This was too fun to write.
A woman I know, who is engaged to be married, recently asked me for some book recommendations about married couples who lived a holy life. There’s a wide variety out there, of course, and some powerfully inspiring witnesses (e.g. one, two, three, four). But so many of the canonized holy husbands or wives, I realized, are really quite culturally distant from 21st century Americans; or were so profoundly shaped by the characteristics of consecrated Religious life that they don’t really helpfully embody what married holiness looks like for the regular guy and gal out there — the “secular geniuses” most of the lay faithful are called to be. You know, those tasked with sanctifying all things mundane, secular and ordinary, by becoming vividly colorful sacraments of God’s love for the world.
In the process of thinking all this through, I spoke with my wife one evening about what kind of “hagiographies” we would love to read to help inspire us to holiness as a couple. It was a great conversation! And it involved a lot of laughter. Shortly after we spoke, Patti went to Walmart to get groceries and we began to text back and forth, developing a pithy description of the saintly couple we could look up to, to give us hope. We came up with a whimsical description that’s inadequate in scope but (for us) dead-on in essentials.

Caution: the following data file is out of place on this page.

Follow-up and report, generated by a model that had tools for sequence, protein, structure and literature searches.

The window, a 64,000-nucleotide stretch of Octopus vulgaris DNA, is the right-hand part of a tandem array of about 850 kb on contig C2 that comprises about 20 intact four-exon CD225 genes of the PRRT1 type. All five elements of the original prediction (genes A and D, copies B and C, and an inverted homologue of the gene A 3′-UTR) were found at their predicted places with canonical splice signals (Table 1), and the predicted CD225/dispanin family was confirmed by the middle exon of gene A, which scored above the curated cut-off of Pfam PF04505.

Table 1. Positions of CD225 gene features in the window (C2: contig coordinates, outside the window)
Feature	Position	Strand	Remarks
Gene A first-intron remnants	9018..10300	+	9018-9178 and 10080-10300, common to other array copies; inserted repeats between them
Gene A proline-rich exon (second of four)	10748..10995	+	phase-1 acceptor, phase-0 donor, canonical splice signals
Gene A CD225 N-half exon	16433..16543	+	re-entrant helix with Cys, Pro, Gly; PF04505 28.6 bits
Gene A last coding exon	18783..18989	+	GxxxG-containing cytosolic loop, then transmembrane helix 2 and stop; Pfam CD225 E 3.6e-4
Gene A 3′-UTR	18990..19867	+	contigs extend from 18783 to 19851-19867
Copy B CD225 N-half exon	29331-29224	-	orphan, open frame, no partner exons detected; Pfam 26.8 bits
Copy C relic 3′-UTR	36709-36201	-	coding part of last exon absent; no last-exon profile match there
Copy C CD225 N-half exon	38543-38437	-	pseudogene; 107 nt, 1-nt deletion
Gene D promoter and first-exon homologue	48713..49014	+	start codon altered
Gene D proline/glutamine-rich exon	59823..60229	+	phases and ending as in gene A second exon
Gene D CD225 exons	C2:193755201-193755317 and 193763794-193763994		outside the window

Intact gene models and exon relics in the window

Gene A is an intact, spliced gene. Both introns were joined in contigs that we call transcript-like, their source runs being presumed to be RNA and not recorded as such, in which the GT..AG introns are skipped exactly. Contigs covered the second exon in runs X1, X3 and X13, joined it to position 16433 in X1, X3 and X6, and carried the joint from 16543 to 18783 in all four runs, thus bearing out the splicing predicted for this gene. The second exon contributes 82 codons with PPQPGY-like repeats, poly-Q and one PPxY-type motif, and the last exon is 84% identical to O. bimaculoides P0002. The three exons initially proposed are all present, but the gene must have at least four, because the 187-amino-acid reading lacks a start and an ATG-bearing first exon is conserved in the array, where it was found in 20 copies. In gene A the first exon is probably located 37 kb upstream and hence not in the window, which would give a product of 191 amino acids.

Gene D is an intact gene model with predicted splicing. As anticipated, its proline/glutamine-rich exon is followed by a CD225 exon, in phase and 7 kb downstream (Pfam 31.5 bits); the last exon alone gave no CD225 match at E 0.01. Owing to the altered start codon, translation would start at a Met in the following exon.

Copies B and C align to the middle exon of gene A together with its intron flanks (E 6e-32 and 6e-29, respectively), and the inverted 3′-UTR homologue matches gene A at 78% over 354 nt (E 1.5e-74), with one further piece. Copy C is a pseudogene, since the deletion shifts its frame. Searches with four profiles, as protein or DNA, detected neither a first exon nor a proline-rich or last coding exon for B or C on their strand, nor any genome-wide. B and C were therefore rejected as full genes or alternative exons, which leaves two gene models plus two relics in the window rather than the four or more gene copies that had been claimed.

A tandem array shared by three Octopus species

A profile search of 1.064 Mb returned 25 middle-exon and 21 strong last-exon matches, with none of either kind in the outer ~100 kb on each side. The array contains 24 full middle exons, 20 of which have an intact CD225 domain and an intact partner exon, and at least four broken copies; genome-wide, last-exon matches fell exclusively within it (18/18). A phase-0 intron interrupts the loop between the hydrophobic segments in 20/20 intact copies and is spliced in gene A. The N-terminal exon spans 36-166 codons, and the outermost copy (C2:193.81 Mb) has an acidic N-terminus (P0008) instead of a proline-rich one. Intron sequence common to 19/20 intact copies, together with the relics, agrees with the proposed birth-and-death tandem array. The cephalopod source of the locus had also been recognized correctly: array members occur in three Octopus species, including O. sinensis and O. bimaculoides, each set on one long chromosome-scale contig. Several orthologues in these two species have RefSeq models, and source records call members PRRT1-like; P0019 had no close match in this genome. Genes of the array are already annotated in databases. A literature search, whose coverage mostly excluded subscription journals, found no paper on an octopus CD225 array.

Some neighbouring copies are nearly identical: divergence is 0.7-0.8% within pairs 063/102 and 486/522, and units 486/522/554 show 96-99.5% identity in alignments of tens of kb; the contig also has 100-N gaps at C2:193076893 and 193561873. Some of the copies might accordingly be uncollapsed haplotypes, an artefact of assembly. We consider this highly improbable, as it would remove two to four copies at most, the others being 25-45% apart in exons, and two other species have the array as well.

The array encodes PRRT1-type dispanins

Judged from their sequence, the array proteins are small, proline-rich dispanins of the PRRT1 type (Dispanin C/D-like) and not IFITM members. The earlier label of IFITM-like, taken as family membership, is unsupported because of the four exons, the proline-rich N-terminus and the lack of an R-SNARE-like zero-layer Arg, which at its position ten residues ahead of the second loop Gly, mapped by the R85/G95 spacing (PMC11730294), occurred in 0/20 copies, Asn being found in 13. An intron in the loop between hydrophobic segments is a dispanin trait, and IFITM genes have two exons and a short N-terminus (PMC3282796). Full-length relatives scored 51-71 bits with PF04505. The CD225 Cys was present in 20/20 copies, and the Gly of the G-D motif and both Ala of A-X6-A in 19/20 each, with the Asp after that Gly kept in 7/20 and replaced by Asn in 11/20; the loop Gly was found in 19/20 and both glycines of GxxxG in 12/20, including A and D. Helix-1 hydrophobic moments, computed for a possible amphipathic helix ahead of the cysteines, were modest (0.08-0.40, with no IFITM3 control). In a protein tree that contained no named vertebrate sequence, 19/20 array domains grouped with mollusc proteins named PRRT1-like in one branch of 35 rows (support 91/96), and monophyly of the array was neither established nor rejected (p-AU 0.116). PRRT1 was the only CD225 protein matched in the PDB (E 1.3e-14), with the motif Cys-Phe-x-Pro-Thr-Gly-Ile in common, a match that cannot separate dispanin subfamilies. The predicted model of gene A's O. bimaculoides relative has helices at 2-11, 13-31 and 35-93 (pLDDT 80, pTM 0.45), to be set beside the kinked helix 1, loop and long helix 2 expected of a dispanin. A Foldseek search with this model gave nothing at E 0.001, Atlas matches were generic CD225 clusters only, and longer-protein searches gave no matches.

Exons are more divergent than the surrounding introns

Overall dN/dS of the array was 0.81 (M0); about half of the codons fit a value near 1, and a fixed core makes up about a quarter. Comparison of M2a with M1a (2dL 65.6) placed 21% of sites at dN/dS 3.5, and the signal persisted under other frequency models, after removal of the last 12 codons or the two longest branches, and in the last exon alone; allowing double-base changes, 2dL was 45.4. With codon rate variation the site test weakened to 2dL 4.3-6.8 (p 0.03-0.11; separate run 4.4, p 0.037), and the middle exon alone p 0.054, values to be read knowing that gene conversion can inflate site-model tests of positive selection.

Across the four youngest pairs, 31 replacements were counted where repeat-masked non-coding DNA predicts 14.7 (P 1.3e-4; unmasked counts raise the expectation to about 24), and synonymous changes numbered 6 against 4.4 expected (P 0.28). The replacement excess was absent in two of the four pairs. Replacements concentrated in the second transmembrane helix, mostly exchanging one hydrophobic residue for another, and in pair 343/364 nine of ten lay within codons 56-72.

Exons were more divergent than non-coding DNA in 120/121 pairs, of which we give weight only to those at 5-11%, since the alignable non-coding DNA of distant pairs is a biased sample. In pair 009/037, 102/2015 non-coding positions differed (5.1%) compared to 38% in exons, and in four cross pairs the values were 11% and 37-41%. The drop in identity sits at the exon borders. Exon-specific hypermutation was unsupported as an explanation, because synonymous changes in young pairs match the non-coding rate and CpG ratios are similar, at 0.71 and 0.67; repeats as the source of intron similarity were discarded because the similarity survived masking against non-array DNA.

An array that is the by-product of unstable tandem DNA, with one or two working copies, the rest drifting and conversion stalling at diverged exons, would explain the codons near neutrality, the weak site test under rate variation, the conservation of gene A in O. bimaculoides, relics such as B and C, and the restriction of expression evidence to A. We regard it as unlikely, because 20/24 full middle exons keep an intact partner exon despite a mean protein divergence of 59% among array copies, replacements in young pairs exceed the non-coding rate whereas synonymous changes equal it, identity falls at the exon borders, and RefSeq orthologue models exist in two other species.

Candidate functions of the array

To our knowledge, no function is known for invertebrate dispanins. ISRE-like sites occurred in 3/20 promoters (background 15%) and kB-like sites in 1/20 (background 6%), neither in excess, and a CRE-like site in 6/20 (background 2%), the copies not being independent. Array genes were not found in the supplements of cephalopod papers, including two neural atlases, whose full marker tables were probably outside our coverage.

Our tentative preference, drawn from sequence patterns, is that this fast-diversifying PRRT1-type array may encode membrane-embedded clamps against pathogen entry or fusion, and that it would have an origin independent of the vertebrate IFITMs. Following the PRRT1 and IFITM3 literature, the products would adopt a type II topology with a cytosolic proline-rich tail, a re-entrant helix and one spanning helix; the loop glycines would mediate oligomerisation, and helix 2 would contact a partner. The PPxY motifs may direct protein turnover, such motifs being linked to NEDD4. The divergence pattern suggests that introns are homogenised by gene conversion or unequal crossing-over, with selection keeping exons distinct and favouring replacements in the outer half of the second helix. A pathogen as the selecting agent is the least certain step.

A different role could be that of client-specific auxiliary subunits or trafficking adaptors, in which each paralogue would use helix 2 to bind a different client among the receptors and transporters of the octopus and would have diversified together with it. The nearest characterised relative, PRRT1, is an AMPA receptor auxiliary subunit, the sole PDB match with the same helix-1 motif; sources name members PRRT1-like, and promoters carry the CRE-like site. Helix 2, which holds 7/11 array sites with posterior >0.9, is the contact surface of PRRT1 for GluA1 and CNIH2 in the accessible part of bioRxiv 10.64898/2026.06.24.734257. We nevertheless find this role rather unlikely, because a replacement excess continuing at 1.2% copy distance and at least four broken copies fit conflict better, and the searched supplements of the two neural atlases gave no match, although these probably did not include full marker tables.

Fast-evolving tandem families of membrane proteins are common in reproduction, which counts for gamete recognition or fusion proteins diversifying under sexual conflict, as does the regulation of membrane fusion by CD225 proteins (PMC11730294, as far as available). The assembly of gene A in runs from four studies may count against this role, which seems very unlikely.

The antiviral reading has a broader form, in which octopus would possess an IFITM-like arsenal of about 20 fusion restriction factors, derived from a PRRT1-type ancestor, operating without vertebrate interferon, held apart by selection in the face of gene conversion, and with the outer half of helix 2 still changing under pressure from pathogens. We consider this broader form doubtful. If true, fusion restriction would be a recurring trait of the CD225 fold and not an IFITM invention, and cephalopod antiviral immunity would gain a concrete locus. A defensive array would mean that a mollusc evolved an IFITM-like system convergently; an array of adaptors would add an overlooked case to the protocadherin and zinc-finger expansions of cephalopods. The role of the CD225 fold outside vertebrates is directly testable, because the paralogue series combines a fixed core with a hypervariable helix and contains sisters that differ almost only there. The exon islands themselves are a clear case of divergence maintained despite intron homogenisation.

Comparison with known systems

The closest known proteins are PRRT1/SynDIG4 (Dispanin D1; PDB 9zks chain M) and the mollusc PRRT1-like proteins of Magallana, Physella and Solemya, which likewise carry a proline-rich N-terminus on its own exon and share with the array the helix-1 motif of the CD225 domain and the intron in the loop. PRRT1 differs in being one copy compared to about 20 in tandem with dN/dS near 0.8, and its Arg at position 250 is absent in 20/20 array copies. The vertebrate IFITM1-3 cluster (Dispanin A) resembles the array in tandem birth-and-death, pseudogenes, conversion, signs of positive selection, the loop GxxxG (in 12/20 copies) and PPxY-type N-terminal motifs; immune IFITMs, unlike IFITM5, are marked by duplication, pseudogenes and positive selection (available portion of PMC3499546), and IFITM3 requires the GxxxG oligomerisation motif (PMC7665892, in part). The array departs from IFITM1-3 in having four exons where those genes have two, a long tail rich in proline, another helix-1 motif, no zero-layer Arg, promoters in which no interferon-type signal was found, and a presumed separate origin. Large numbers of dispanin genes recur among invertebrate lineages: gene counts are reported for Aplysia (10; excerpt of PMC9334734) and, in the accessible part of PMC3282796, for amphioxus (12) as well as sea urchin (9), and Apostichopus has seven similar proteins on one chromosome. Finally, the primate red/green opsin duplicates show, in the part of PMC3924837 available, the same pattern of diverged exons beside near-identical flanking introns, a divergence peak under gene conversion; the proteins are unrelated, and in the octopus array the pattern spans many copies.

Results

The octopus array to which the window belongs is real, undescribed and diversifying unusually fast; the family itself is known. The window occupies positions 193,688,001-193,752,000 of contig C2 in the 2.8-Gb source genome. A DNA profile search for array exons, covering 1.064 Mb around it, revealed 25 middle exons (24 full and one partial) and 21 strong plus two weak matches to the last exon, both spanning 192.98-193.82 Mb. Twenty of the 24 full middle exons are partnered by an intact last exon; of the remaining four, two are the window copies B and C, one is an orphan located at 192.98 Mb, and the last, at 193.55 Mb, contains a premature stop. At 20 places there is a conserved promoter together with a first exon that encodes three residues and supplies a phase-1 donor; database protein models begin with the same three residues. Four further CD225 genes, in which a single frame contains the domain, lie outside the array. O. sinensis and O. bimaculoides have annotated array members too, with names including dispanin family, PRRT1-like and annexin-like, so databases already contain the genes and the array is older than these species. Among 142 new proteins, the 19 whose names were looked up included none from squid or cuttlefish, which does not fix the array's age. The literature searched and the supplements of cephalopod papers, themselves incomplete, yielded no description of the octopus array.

I don’t know canonized couples like this, but do know living-on-earth ones. They rock! I really hope some of them will be canonized one day. They are our models.
So here’s the final version we came up with in our last text volley. Not much to it, but when she hit “send” for the last time, I said: Posting it! Our idiosyncratic view of nuptial sanctity:
We need examples of married saints who knew their way around a cocktail happy hour, complete with the occasional cigar; who weren’t necessarily pious but prayed unceasingly; who raised good kids with generous hearts and normal problems, had passionate sex until the end, danced whenever they could, loved to laugh often, enjoyed the good things of this world as God intended, faced unabashedly their faults and sins with hope, lived heroic lives of sacrificial love in a thousand insignificant ways, were unshakably faithful to the church and in love with Jesus. They’re average enough to be accessible, weak enough to be real, great enough to look up to and holy enough to be fully human. But this is the real key: the icons of these holy couples would have to have crooked halos.